“I am God,” says love. -Marguerite Porete

God is love. Love is not God. This is a fatal mistake that haunts the chapter. It begins well, however.

Rollins leads us through the realization that we tell stories about ourselves. We have ideas about ourselves. But these do not match the reality of what we do. The true us, Rollins argues, is found in what we do; the explanation of what explains our actual actions is a more realistic depiction of us that the ways we idealize or even demonize who we are and what matters to us and what motivates us.

We say that we know money and a larger house and a different neighborhood will not make us happy, and yet we devote all our time and energy to obtaining those things. Which is the real us? The one that says she does not believe it? Or the one who acts like she does?

This part of the book is pure gold. It helps put more meat on an assertion that I make regularly: the hardest part of preaching is convincing people that the message is calling them to repentance. We tell ourselves stories about who we are and what we believe, blind to the fact that our lives belie every bit of it. We need stories to unmask our self-deceit.

Rollins argues in compelling fashion that “our actions do not fall short of our beliefs–our actions are are beliefs.”

Ch. 7 is where things get more complex.

Rollins articulates here the best of what biblical scholarship will tell you as well: the kingdom of God, and even eternal life, are not categories simply about the future, but categories about a transformed here and now that we are called to participate in.

But Rollins mistakes the presence of the transcendent God within our world for the falsehood of the idea of a continued transcendence. And he mistakes the presence of the kingdom here and now for the falsehood of the idea of a future and perfect reign.

The biblical narrative maintains a tension between the already-and-the-not-yet, as well as between the immanent-and-the-transcendent. This dialectic is lost in Insurrection.

Thus, I find myself celebrating much of what Rollins affirms–because presence and realization are central to the gospel. And yet I find myself parting ways with Rollins in what he denies–because transcendence and futurity are core components to the gospel as well.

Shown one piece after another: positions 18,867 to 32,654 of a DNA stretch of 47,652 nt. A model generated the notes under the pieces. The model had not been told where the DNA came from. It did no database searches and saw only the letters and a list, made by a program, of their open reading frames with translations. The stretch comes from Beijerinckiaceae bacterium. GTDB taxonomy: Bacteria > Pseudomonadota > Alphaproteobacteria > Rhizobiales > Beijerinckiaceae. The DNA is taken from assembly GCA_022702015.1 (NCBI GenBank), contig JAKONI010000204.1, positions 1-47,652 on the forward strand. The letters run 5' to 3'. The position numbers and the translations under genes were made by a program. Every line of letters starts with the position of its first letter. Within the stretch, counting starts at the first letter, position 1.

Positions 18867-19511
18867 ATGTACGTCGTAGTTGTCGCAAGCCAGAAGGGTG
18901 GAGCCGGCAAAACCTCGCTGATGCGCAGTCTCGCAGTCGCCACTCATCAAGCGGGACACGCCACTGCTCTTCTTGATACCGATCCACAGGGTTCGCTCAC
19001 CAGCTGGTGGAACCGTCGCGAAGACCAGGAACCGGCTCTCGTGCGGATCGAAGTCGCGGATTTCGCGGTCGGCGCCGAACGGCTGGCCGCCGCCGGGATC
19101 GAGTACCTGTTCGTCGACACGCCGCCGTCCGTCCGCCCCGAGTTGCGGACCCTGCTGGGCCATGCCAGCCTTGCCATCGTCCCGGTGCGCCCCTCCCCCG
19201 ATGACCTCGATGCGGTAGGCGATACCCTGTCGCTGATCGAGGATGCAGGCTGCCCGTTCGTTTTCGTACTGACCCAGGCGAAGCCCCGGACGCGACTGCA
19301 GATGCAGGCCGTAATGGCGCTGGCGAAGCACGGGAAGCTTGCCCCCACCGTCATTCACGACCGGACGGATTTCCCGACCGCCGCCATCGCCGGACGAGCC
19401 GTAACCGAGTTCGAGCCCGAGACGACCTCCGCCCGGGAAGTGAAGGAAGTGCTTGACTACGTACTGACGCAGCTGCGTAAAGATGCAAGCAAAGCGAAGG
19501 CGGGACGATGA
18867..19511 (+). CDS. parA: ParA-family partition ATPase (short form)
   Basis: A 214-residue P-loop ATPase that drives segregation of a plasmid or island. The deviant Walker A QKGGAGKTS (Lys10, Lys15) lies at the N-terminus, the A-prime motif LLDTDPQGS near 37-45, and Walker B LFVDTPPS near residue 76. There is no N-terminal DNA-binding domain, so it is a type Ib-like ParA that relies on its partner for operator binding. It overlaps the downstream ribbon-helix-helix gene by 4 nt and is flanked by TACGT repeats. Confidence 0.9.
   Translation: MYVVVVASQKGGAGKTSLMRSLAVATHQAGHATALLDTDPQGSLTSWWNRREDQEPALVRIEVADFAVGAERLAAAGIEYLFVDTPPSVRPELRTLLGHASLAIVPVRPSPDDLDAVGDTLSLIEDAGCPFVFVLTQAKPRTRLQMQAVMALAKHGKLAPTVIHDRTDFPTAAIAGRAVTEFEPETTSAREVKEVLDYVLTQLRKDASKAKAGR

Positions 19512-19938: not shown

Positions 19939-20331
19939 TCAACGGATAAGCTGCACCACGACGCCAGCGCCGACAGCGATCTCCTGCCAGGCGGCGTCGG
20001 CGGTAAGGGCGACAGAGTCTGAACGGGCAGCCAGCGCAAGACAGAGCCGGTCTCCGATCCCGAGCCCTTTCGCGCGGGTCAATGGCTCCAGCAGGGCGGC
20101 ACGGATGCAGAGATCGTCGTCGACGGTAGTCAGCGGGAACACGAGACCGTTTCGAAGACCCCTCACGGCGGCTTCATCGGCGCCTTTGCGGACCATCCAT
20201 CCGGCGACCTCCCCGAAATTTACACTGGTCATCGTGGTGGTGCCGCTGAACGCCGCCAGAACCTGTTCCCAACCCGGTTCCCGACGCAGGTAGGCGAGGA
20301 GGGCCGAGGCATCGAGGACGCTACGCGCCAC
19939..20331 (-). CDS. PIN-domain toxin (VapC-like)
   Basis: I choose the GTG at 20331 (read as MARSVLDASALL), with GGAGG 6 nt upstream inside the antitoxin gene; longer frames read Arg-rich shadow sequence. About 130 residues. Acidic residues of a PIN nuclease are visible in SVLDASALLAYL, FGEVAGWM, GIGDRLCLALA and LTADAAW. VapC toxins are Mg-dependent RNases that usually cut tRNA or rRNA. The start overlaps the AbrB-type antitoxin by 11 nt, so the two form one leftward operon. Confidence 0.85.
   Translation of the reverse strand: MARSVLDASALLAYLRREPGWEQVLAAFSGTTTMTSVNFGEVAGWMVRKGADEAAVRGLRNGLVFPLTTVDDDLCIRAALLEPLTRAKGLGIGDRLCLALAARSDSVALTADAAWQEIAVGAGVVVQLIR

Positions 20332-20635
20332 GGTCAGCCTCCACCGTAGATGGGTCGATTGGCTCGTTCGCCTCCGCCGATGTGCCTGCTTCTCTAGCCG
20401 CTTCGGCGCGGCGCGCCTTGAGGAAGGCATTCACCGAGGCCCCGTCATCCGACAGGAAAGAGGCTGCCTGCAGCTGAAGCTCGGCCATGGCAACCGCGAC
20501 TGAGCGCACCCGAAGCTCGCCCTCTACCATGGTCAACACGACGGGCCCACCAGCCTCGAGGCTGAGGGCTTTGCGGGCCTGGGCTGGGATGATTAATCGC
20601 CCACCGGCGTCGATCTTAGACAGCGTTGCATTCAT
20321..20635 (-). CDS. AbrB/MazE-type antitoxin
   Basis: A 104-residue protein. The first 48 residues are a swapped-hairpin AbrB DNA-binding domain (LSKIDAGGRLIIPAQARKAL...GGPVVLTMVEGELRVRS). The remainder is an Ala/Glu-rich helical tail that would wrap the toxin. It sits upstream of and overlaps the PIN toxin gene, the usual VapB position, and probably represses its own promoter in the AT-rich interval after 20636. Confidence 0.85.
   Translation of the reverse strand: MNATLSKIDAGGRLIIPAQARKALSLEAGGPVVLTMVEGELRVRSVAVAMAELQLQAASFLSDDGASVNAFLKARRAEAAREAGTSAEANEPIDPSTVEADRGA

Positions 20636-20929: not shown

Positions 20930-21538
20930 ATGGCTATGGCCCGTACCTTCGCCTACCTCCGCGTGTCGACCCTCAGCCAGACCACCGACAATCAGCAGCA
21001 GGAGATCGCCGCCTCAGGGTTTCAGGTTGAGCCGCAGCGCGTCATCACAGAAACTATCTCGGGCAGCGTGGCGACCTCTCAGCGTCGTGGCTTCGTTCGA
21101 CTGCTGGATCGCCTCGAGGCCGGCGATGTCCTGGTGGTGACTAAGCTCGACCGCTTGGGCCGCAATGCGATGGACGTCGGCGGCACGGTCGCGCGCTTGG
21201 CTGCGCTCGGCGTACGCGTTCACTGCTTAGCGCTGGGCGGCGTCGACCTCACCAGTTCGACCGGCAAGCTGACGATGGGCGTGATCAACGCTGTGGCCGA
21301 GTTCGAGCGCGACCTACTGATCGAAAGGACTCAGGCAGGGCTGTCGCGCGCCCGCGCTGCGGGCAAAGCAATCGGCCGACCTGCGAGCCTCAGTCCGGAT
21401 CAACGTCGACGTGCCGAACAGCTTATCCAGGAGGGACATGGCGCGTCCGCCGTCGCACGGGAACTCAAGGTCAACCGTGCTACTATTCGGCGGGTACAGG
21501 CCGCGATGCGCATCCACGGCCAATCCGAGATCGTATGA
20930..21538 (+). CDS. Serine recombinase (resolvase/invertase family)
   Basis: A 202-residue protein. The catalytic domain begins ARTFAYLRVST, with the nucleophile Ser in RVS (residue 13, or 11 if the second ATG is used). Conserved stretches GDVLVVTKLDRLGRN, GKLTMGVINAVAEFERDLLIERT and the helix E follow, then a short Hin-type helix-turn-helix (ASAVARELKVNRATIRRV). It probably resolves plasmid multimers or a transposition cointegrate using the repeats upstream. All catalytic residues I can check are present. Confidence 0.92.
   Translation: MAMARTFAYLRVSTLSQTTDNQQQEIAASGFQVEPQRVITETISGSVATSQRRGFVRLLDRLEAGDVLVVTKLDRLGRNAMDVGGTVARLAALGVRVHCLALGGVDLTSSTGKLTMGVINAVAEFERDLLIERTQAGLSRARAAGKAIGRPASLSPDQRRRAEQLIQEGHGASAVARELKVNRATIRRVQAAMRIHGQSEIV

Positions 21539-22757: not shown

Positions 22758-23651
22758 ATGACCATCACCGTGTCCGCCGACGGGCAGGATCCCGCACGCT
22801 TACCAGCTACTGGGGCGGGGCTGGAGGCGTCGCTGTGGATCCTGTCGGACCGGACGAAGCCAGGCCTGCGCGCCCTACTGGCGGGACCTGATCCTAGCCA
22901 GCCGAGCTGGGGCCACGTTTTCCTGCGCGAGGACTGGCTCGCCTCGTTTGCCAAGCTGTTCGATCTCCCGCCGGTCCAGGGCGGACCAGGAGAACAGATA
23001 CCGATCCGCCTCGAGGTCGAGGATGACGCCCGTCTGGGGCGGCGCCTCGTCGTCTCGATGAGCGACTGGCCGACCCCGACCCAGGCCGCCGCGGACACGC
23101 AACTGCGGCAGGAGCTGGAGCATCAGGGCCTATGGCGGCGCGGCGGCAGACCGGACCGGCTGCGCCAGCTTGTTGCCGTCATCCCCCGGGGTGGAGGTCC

Here’s the problem, that manifests in the chapter, with confusing the statement “God is love” with its pagan counterpart, “Love is God.” This confuses God with the activity and attribute of God; it invites us, in fact, to worship and serve the creature–better, our own creation–rather than the creator.

In Rollins’s words, “God is the name we give to the way of living in which we experience the world as worthy of living for, fighting for, and dying for.”

God is a label of value we append to what we find beautiful in the world. God is an idol of our own making, rather than a being who is at work to make the world worthy of living for, fighting for, dying for. Far from a splitting of hairs, labeling God aright in relationship to the creation is the difference between Christianity being a projection of our imaginations, or a reality in which we are called by Another to participate, the difference between true (all of life-)worship, and idolatry.

Thus, while Rollins rightly challenges us with his claim that we cannot claim to love God while hating our neighbor, Christianity can never ground this on the claim that God is the love that exists between one person and another.

Heeding Rollins’ urgent pleas, we will find ourselves more invested in the world, never guilty of that classic failure of being so heavenly minded that we are of no earthly good. But we must so engage the world with the understanding that the kingdom is God’s and not ours, and that there is a future for this world because the resurrected Lord is at work in it here and now.